Global chip shortage impacts the iPhone less than the rest of the industry

Global chip shortage impacts the iPhone less than the rest of the industry

Counterpoint Research has lowered its estimate of global smartphone deliveries this year. Shipments of the device were originally forecast to hit 1.45 billion units in 2021 for a 9% annual gain, but thanks to the chip shortage Counterpoint has cut its estimate for this year to 1.41 billion smartphones shipped for a 6% growth rate year-over-year. The shortage of semiconductors started to be an issue during last year’s fourth quarter and it has continued since.
Inventories of chips held by manufacturers are now scraping the bottom of the barrels and many manufacturers have said that during the second quarter, they received only 80% of the number of components ordered. And to make matters worse, things were worse during the just-completed third quarter of the year with some firms receiving only 70% of the number of components ordered.

Counterpoint Research says that 90% of the smartphone industry has been impacted by the chip shortage.

Counterpoint Research claims that 90% of the smartphone industry is affected by the shortage. Even though components like the Display Driver IC (DDI), the main semiconductor used on smartphone displays, and power management integrated circuits (PMIC) have both been in short supply, advanced planning helped the smartphone industry continue to grow. Additionally, hoarding of Application Processors (AP) and camera sensors have allowed smartphone manufacturers to continue showing growth.

The Application Processor (AP) is just a fancy term for what we usually refer to as the chipset used on a phone. For example, the AP used with the iPhone 13 series is the A15 Bionic. Counterpoint blames the shortage of AP chips on low yield rates tallied by new assembly lines churning out chips in fabrication facilities owned by the foundries. Qualcomm and Mediatek, two of the top AP vendors for the smartphone industry, rely on Samsung and TSMC respectively to build the chips Application Processors sold to phone manufacturers and low yields add to the chip shortage.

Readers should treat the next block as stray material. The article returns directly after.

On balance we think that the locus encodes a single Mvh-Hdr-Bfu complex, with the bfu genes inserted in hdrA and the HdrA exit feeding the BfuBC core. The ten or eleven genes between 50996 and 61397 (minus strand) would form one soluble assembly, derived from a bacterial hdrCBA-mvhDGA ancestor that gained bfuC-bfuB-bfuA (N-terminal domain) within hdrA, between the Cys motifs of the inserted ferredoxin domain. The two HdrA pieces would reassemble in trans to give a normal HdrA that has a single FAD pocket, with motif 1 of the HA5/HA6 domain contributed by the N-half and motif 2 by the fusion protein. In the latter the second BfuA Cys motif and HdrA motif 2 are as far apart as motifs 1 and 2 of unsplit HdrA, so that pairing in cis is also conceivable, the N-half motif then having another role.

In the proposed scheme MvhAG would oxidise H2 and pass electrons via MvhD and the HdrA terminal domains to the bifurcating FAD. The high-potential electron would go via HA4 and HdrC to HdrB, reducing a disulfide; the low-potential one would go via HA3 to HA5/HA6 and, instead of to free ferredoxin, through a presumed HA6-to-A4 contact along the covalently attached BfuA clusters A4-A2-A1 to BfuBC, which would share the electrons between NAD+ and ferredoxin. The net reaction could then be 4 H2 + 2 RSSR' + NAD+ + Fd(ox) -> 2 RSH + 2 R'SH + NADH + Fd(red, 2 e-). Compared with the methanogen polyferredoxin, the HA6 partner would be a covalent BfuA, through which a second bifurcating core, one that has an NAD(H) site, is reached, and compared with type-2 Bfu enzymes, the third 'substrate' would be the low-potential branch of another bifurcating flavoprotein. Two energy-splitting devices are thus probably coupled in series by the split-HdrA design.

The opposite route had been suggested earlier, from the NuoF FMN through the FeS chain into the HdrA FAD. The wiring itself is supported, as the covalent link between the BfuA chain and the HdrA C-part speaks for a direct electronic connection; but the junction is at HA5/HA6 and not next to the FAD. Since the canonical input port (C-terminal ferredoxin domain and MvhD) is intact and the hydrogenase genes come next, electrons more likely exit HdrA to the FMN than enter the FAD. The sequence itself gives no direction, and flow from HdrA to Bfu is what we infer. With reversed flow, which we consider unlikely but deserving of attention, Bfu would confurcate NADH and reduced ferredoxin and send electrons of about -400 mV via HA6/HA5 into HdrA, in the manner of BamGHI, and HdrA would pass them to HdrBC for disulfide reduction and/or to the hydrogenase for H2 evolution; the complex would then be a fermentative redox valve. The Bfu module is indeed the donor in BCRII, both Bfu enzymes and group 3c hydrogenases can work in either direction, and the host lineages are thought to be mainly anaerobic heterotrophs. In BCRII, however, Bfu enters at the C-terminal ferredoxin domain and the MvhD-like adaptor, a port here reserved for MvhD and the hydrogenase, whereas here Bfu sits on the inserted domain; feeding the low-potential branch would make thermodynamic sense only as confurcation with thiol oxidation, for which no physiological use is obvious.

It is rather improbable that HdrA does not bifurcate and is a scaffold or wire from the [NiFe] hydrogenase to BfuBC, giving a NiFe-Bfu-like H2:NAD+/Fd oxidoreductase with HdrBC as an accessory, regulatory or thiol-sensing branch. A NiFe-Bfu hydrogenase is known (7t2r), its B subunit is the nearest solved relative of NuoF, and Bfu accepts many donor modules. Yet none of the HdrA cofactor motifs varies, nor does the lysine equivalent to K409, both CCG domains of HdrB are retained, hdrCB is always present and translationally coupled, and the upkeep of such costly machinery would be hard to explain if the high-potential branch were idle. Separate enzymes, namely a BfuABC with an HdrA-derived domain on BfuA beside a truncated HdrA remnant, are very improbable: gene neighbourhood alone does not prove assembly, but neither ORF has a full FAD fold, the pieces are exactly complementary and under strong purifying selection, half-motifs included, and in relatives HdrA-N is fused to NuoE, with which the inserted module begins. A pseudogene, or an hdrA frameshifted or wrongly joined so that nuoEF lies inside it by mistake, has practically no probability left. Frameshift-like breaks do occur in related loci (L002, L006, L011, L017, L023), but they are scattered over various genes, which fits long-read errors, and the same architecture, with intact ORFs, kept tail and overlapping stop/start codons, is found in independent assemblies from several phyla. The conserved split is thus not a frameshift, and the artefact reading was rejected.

Tom Kang, Research Director at Counterpoint Research, stated, “the semiconductor shortage seems to affect all brands in the ecosystems. Samsung, Oppo, Xiaomi have all been affected and we are lowering our forecasts. But Apple seems to be the most resilient and least affected by the AP shortage situation.” While Counterpoint didn’t explain why Apple was able to get off the hook, the answer is pretty easy to understand.

Apple is being negatively impacted by TSMC’s announcement weeks ago stating that the 3nm process node, which was to be used to produce the A16 Bionic for next year, is too complex and will be delayed until the A17 Bionic for the iPhone 15 series. This could mean billions of fewer transistors will be packed inside the A16 Bionic resulting in a smaller improvement in performance and energy efficiency for the iPhone 14 line.

So to reiterate, the 2022 A16 Bionic will be made using the 4nm process node and if the issues related to the complexity of the 3nm process node are ironed out in time, the A17 Bionic will possibly be the first 3nm chipset to power a smartphone.

The chip shortage did reduce revenue for the iPad and the Mac during fiscal Q3

Apple fans are hoping that the company works on the A16 Bionic’s CPU. The CPU on the A15 Bionic showed very little improvement compared to the A14 Bionic as Apple faced an exodus of engineers from its unit that designs semiconductors.

The transistor count on the A15 Bionic rose 27% to 15 billion compared to the 11.8 billion on the A14 Bionic, and the 8.5 billion transistors carried by the A13 Bionic. More telling was the transistor density on the A15 Bionic, which measures the number of transistors that fit inside a square mm. That metric rose to 135.14 million from 134.09 million the previous year.

While the iPhone has avoided getting hit by the chip shortage, Apple did admit that the iPad and the Mac were hurt during the company’s fiscal third-quarter which ended in June. Following the earnings report, Tim Cook told the media during the conference call that “The shortage primarily affected Mac and iPad. We had predicted the shortages to total $3 to $4 billion. But we were actually able to mitigate some of that, and we came in at the low end part of that range.”
Among other manufacturers that had to make adjustments due to the chip shortage, Google was forced to limit the release of its Pixel 5a mid-ranger to the U.S. and Japan. We won’t know whether Google will have to stagger the release of the Pixel 6 series until it officially announces the new line possibly later this month.

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